It has been a while since I last posted on my internship. After a few weeks away from the project, I am back at work and am actively working on multiple components of the Florida in World War I project. As with all my previous weeks, the website has been the priority, but I have taken a step back from the design in favor of working more closely on the content. I am centering my attention on the Resources section of the website, expanding upon a bibliography an undergraduate student put together last fall. The bibliography the student put together has a number of works that have small pockets of information on Florida in the First World War, but the works need to be combed through and organized. In addition to the few sources on Florida in World War I, my fellow project coordinators and I want the Resources section to go beyond just the focus of Florida. We have slowly been gathering various resources, which I have been putting together. I have also been adding books from my own research. The trick is trying to organize them in a way that helps those that visit the website to go through and find exactly what they are looking for. Or, if they are just browsing, it makes it easy to go through the resources without jumping from one topic/theme to the next.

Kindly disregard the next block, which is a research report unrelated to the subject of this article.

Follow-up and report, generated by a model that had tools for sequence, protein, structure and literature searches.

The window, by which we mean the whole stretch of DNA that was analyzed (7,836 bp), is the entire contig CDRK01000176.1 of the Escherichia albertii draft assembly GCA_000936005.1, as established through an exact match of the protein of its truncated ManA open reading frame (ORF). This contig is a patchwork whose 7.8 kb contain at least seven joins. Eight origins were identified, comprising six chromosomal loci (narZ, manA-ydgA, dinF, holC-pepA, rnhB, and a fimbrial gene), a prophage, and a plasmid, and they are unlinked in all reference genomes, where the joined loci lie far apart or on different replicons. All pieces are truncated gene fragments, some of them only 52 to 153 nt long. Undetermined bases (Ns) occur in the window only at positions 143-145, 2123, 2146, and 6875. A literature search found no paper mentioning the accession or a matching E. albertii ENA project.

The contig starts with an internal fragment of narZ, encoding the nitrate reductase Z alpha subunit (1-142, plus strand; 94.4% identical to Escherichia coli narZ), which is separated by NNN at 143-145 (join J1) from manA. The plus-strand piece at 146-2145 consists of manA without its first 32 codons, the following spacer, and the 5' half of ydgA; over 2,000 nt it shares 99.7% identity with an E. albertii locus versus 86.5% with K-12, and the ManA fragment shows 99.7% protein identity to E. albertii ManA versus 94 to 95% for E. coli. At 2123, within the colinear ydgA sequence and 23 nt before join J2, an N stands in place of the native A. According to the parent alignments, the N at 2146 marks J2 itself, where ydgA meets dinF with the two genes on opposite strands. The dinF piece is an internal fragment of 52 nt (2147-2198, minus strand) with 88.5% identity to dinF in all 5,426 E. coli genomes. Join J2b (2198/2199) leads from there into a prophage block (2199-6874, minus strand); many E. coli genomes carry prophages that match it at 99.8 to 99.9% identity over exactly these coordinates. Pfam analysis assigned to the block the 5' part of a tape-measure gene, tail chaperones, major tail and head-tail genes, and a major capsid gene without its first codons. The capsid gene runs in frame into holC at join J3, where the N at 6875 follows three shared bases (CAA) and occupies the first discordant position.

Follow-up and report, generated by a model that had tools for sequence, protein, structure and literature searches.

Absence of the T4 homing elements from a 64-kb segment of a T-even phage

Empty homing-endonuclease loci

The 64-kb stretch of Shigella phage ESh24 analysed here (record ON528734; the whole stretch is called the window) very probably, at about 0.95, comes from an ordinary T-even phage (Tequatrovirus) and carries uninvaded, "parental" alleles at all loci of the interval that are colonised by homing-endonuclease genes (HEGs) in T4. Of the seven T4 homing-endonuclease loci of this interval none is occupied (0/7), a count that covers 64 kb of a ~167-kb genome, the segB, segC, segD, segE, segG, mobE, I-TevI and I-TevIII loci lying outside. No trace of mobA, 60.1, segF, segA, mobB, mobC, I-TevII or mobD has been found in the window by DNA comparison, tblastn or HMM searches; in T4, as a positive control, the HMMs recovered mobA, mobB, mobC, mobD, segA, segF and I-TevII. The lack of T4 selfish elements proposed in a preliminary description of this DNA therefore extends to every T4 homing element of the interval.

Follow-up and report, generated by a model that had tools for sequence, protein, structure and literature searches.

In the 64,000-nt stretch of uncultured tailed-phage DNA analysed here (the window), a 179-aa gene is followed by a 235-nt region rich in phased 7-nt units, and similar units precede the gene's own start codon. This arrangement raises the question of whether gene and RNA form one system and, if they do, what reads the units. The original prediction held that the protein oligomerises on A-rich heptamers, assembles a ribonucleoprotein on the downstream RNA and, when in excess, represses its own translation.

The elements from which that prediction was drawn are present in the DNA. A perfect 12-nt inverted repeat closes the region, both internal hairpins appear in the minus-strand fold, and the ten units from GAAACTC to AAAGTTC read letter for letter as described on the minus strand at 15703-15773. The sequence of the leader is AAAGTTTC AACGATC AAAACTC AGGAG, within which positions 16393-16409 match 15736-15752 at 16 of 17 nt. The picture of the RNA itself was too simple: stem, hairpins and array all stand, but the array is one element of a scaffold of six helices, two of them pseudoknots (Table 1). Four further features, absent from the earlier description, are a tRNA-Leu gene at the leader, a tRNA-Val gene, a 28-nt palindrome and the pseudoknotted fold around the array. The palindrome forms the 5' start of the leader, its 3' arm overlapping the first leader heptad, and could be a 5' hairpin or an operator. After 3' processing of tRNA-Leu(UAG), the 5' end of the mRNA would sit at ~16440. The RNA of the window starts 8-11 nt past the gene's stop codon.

In addition to working on content for the website I have also had my focus on the historiography paper that my internship requires. As I study World War I outside of my internship, I want to do something that will not only satisfy the requirement, but will help with my research in the future. After speaking with my internship supervisor, Dr. Barbara Gannon, we agreed that centering my historiography on memory and the First World War will prove beneficial. I have read a number of books on memory of the First World War and I am looking forward to creating a historiography around that. I think having the books together in one historiography paper will really be an advantage in the future, understanding the historical arguments and trends that I hope to fit my own work in. One of the books I am including in the historiography I am currently rereading. The book is called Bodies of War: World War I and the Politics of Commemoration in America, 1919-1933 by Lisa M. Budreau. Budreau argues there are three stages of the American response: repatriation, remembrance and return. Outside of the Florida and World War I project, my own research has primarily been centered in Europe, but this book opened me up to American aspects of memory and remembrance. It is interesting to see the parallels between the American perspective and the European perspective, including the politics of the physical act of burial.